American Alligators Part 3 – Juveniles

(Continuing with Part 3 of an American Alligator three-part series)


American Alligator juveniles are tiny replicas of their parents.  They are so cute!


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American Alligator juvenile, approx. 4-6 months old


The adult female alligator lays 32 to 46 eggs in late June/early July, with hatching occurring late August/early September.

Alligator hatchlings are 6 to 8 inches long with orange/yellow cross-bands against black for effective camouflage that lasts until maturity. 


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American Alligator juvenile, 4-6 months old, sitting on Momma’s back


Hatchlings grow rapidly, especially during their first four years, sometimes averaging more than one foot of growth for each year of life.  They attain sub-adult stage at four years old.


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American Alligator juvenile


Juvenile alligators are very vulnerable to predators (birds, raccoons, bobcats, and other alligators) and will live close to Mom for at least their first two years of life.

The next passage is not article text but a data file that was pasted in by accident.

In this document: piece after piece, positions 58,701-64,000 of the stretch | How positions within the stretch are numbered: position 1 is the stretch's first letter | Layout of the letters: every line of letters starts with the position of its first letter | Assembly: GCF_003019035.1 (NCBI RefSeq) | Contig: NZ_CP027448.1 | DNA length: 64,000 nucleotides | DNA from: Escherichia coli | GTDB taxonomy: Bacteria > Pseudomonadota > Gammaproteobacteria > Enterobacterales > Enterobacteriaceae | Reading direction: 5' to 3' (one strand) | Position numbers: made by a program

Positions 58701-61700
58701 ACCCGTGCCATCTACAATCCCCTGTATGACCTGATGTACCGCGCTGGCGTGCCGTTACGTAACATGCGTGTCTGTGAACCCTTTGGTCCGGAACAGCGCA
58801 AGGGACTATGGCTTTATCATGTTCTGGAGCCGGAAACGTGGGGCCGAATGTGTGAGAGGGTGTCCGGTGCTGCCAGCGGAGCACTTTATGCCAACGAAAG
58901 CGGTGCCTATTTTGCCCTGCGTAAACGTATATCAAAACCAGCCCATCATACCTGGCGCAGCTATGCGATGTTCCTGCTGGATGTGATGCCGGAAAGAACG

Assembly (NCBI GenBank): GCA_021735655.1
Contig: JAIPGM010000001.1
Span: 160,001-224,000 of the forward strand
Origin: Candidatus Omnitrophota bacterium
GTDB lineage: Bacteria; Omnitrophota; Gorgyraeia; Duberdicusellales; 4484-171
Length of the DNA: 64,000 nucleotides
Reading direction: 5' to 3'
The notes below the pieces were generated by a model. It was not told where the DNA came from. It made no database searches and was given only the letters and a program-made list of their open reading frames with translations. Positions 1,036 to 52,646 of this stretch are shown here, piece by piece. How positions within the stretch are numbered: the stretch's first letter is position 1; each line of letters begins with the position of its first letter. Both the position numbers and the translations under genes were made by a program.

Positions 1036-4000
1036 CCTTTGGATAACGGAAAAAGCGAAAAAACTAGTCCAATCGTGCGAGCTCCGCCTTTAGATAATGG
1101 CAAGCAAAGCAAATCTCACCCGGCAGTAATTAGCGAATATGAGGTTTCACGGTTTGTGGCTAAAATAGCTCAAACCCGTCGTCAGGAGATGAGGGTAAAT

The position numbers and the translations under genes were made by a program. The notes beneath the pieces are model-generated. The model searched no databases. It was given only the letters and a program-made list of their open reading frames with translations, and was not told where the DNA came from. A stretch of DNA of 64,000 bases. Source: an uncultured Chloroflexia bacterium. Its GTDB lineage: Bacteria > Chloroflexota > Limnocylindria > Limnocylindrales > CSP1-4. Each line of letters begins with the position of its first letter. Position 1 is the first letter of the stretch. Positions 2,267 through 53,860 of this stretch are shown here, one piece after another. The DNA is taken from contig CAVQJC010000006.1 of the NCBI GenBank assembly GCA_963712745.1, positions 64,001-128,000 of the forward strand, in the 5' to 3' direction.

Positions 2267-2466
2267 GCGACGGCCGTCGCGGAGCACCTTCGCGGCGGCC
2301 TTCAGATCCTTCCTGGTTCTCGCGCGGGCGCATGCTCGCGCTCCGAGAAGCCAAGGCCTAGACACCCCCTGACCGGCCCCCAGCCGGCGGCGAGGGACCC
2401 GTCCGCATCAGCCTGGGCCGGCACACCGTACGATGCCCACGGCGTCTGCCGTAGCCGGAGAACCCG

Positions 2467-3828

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American Alligator juvenile


From an average clutch size of 35, it is estimated only 4 alligators will reach maturity (at 6 years female, 7 years male).  This estimate is actually for a growing alligator population.


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American Alligator juvenile


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American Alligator juvenile closeup of the banding


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American Alligator juvenile


Cute until they get 6 to 10 to 15 feet long!

I hope you enjoyed my three part photo series and the bits of info, sharing the fascinating and, yes, dangerous American Alligator.

Here’s a map of where American Alligators are located in the United States.  They are more widespread than I thought!


Map courtesy of U.S. Geological Survey, Nonindigenous Aquatic Species Program


(Part 1 “Adults” here, and Part 2 “Closeups” here)



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